Global technology company IBM recently named Cristina Cabella as its chief privacy officer, taking over for Christina Peters, who is moving on to other data-related responsibilities, including data ethics, within IBM Legal. But Cabella isn't new to the company; in fact, she joined in 1999. The majority of her career has been spent in the company's European legal branch, and she got her start as European data privacy officer back in 2005.
At first blush, IBM's appointment of Cabella as its CPO isn't so newsworthy. She's a logical choice for the position, with a strong background in both European law and IBM itself. But what's interesting, and perhaps indicative of a coming trend given the EU's pending General Data Protection Regulation, is that IBM is a company headquartered in the United States with an EU-based CPO.
"It's quite unusual for an American company to have a European in that role," Cabella recognizes. But she said it's strategic. There's a lot of mistrust regarding American companies' data privacy practices these days.
"It's a recognition of the importance for IBM to be really representing a global company," she said. "In Europe, it is very much the perception that American companies are belonging to different systems and different privacy regimes. In Europe, we are respective of the laws in Europe ... and we want to develop trust in IBM as a company that is present in Europe and wants to do business in Europe as elsewhere. It's a message of recognizing the importance of understanding European data privacy protection's background and understanding that global law needs to be part of the company."
Cabella said she's serving a truly global role, responsible for data privacy in all IBM's geographies, which includes Latin America, Asia, and the Middle East, in addition to the U.S. and EU. But she said IBM's decision to name her CPO integrates "a single IBM vision," and indicates IBM's sensitivity to data privacy perceptions in European culture.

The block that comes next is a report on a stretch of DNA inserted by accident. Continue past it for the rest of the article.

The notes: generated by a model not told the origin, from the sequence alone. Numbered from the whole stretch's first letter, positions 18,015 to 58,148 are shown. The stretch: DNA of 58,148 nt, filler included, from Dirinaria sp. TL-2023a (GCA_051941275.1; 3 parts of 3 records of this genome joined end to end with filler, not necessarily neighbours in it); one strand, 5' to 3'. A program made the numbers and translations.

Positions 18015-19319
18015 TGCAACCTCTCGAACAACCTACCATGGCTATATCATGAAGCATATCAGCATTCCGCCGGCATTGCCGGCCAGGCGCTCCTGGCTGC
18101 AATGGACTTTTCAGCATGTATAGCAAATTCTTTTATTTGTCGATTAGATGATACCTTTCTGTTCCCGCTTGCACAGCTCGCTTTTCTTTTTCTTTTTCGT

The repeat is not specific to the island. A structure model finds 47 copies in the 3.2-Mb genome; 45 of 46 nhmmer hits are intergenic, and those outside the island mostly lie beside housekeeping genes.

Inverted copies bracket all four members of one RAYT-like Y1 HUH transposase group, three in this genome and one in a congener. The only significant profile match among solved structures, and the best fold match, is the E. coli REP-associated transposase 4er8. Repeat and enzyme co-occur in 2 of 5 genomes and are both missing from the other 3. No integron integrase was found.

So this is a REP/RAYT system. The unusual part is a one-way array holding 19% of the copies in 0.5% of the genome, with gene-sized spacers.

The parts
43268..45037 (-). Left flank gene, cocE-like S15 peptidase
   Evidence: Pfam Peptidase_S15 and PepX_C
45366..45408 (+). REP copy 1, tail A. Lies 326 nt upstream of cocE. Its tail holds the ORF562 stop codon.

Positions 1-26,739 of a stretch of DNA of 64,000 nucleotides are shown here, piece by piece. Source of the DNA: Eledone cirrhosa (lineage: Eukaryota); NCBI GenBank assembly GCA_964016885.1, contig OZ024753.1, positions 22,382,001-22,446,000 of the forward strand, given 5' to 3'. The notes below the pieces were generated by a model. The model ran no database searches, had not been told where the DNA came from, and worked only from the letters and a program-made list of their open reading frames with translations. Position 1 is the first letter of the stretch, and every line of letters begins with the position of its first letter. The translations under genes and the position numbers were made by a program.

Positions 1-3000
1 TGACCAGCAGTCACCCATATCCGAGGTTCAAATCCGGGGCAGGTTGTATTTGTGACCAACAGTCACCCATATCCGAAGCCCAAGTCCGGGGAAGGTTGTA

"I think having a European background is helping me because, of course, Europe is considered to be one of the most advanced and respected regimes," she said. "So having that background in mind, I think, is helping to drive the company and to ensure that company-wise, geography-wise, we are aligned to a harmonized profile."
Cabella's time, like most privacy pros of late, is occupied mainly by preparing IBM for the GDPR. She said she spends about 80 percent of her time on GDPR-related projects. She's managing data privacy lawyers both in the U.S. and EU and a number of her team members are covering developments in Latin America and Africa. She's also managing business lines in health data, as well as team members who are focused on certain business models as they relate to particularly sensitive data.
Cabella said success as to this point has come from a varied background at IBM, which enabled her to have a deep understanding of how the business really works. She said that's going to be increasingly critical as companies establish data protection officers under the GDPR.
"I think I represent the logic of a data privacy expert that is really understanding the company," she said, adding that she's able to really contribute to GDPR principles like privacy by design because she has a strong understanding of how IBM's systems work.
DPOs will really "need to have a good understanding of the processes and how the company is organized," she said. "Being purely an expert without having that understanding and knowledge, in today's world, in the complexity generated by the GDPR, the challenges would be extremely difficult."
Asked whether Cabella will serve not only as CPO but also as, officially, the company's DPO under the GDPR, Cabella said she's not in a position to answer that at this time, as the company is still developing its strategy there.
In the end, Cabella sees herself, and her homebase in Europe, as revelatory in regards to the global nature of commerce today and the privacy concerns that have proliferated alongside its growth.
"I view my role is really in a sense to bridge between what maybe years ago could have been perceived as two worlds," she said. "Our idea is for IBM to be a single world in the protection of customers' data."
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